"The worst outcome of the indignation over the IRS's targeting of conservative groups would be for the under-manned IRS to pull back from investigating all putative 'social welfare organizations,' thereby turning the scandalous loophole into a giant river of secret money. Our democracy is already being purchased by big corporations and the rich. At the least we should know who the buyers are."
(And while we're wondering, who's going to jail for letting hundreds of people take 6-figure salaries for legislative jobs when they're running a theater instead?)
As ever, Michael Pollan provides an entertaining smörgåsbord on the frontier of food science, this time in next Sunday's NYT Magazine feature, Some of My Best Friends are Germs. Yours, too. You've probably heard parts of this unfolding story, but there's more to know and learn. I changed my toothbrush storage location halfway through, for example. And this made us think about the "royal we" in a new light:
"Our gut bacteria also play a role in the manufacture of substances like neurotransmitters (including serotonin); enzymes and vitamins (notably Bs and K) and other essential nutrients (including important amino acid and short-chain fatty acids); and a suite of other signaling molecules that talk to, and influence, the immune and the metabolic systems. Some of these compounds may play a role in regulating our stress levels and even temperament: when gut microbes from easygoing, adventurous mice are transplanted into the guts of anxious and timid mice, they become more adventurous. The expression 'thinking with your gut' may contain a larger kernel of truth than we thought."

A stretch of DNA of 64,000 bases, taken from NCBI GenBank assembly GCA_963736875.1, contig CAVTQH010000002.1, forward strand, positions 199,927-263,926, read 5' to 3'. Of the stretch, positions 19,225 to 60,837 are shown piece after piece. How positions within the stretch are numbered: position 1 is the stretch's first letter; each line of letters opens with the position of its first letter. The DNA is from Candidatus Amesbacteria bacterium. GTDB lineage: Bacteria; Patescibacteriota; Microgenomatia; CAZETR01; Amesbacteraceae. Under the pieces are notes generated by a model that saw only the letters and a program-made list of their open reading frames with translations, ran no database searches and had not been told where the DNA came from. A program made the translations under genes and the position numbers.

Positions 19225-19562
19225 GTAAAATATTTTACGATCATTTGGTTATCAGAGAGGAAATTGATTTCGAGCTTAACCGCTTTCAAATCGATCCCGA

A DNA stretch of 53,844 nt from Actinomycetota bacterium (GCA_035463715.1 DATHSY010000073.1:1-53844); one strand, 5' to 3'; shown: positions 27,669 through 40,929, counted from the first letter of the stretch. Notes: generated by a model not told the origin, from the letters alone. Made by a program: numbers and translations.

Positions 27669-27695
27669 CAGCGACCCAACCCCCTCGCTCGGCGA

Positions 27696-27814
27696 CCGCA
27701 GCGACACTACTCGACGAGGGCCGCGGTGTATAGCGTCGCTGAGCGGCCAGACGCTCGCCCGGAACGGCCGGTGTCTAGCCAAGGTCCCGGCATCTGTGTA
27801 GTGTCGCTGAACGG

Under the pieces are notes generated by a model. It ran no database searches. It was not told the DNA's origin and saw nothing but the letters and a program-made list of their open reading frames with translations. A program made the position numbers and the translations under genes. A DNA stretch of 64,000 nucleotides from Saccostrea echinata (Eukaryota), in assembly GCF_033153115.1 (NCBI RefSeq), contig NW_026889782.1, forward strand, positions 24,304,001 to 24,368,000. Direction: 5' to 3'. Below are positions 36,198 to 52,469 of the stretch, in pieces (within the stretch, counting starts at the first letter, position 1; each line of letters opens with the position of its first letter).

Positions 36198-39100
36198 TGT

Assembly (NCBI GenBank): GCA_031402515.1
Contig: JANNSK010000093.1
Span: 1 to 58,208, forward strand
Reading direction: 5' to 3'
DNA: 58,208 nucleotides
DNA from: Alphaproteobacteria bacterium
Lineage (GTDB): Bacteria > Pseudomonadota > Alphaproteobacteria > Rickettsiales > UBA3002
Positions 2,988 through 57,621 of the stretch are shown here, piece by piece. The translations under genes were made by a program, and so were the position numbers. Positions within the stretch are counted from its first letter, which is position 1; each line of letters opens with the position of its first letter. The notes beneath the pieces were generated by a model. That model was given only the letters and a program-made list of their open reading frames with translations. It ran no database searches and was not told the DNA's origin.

"The gut microbes are looking after their own interests, chief among them getting enough to eat and regulating the passage of food through their environment. The bacteria themselves appear to help manage these functions by producing signaling chemicals that regulate our appetite, satiety and digestion. ..."
No offense to Salty Dog 502, but Spencer Ackerman went a little overboard in effusing over the Navy's historic drone launch from an aircraft carrier. Yes, it's a giant step for unmanned-kind (and yes, Rear Admiral Matt Winter botched that line, too), but taking off from an aircraft carrier is not "one of the most complex missions in aviation." As anyone who's tried the Microsoft Flight Simulator can tell you, taking off is pretty straightforward. Throttle up, giddyup, and point to the sky. The boat wasn't unmanned, and with it driving into the wind and a catapult behind you, there isn't a lot of complexity.